July 2024

IZA DP No. 17110: Aggregate Shocks and the Formation of Preferences and Beliefs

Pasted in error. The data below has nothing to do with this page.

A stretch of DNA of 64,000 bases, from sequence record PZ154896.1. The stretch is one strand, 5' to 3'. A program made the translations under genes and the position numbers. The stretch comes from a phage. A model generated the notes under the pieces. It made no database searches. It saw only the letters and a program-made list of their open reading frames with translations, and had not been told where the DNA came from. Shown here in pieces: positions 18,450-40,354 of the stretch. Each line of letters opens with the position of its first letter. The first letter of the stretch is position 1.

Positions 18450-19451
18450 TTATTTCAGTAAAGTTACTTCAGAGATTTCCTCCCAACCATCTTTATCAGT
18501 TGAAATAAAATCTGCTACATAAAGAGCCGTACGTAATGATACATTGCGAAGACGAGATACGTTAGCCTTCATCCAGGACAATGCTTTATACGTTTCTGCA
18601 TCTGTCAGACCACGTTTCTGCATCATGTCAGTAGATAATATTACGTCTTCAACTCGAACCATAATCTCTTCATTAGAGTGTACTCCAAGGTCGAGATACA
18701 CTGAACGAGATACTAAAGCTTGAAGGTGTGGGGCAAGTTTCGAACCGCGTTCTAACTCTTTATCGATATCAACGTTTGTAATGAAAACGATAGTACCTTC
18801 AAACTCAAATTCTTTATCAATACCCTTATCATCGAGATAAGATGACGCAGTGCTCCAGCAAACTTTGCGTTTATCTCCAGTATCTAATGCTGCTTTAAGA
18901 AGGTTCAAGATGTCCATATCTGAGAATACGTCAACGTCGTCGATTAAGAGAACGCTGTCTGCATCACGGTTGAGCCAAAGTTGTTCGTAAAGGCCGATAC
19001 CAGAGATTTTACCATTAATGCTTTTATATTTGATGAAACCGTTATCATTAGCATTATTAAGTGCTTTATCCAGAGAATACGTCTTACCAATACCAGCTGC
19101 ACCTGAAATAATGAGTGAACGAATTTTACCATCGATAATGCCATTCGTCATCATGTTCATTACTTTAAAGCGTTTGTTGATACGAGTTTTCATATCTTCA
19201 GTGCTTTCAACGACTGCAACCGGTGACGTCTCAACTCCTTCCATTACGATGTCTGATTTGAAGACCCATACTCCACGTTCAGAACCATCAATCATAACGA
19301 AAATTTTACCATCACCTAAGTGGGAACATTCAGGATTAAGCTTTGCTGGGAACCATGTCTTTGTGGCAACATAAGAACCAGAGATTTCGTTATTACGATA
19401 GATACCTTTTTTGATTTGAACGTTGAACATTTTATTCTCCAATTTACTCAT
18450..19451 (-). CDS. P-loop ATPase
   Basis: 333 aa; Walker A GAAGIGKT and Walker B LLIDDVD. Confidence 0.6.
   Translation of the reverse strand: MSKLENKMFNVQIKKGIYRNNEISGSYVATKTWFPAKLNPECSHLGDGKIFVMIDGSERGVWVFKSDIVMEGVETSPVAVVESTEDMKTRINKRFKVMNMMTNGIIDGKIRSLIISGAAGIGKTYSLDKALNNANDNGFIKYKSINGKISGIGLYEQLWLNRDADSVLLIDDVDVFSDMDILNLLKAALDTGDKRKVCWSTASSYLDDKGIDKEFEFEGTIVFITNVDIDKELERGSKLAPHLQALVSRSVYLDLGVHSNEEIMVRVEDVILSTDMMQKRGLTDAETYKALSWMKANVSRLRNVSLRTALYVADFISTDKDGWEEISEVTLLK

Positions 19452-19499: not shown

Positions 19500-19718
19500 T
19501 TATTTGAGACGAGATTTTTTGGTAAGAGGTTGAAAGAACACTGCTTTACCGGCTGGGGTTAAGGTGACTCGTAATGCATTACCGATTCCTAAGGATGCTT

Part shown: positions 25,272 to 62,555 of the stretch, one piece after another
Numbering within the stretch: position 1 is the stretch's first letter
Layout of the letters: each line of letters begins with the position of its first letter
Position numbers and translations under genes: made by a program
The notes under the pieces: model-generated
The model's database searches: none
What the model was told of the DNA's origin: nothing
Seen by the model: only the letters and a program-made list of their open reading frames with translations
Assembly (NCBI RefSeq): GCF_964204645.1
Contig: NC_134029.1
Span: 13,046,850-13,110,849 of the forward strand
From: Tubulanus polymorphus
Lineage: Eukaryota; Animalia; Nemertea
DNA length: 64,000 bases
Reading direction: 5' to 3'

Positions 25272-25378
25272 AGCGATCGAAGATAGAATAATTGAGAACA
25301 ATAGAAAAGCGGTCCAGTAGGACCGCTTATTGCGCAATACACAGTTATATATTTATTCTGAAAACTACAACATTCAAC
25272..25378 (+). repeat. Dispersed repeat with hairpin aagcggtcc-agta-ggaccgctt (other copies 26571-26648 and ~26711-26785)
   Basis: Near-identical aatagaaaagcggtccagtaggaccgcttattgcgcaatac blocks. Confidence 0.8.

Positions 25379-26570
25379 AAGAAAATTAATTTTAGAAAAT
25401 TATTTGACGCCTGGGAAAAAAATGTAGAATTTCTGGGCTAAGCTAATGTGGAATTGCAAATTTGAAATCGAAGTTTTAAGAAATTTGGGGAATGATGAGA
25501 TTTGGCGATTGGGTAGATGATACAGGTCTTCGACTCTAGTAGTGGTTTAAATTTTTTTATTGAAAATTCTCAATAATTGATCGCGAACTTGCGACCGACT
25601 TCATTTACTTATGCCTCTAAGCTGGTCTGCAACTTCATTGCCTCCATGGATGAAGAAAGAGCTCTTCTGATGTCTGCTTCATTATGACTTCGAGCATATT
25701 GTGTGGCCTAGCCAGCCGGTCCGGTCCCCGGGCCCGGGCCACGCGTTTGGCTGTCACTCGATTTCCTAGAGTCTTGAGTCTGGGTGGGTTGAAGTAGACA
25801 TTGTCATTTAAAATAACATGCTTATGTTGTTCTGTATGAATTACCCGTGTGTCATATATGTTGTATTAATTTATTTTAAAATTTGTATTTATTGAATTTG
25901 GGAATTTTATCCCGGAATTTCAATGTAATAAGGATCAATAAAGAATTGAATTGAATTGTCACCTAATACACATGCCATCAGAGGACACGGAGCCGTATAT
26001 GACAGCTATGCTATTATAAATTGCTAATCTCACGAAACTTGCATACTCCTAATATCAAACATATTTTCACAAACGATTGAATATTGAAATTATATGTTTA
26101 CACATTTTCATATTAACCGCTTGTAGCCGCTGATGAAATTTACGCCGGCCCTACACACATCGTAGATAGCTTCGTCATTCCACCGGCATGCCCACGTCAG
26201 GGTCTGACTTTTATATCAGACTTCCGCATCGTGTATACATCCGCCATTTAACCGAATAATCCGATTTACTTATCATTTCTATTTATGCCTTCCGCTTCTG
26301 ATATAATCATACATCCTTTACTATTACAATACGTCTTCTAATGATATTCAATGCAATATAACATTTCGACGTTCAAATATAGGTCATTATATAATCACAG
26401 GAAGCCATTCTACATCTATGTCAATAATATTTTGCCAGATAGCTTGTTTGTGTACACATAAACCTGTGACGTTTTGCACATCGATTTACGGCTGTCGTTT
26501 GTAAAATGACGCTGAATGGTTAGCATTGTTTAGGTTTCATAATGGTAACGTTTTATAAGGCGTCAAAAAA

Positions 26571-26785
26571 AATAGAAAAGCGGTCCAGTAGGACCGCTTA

A growing body of work has shown that aggregate shocks affect the formation of preferences and beliefs. This article reviews evidence from sociology, social psychology, and economics to assess the relevance of aggregate shocks, whether the period in which they are experienced matters, and whether they alter preferences and beliefs permanently. We review the literature on recessions, inflation experiences, trade shocks, and aggregate non-economic shocks including migrations, wars, terrorist attacks, pandemics, and natural disasters. For each aggregate shock, we discuss the main empirical methodologies, their limitations, and their comparability across studies, outlining possible mechanisms whenever available. A few conclusions emerge consistently across the reviewed papers. First, aggregate shocks impact many preferences and beliefs, including political preferences, risk attitudes, and trust in institutions. Second, the effect of shocks experienced during young adulthood is stronger and longer lasting. Third, negative aggregate economic shocks generally move preferences and beliefs to the right of the political spectrum, while the effects of non-economic adverse shocks are more heterogeneous and depend on the context.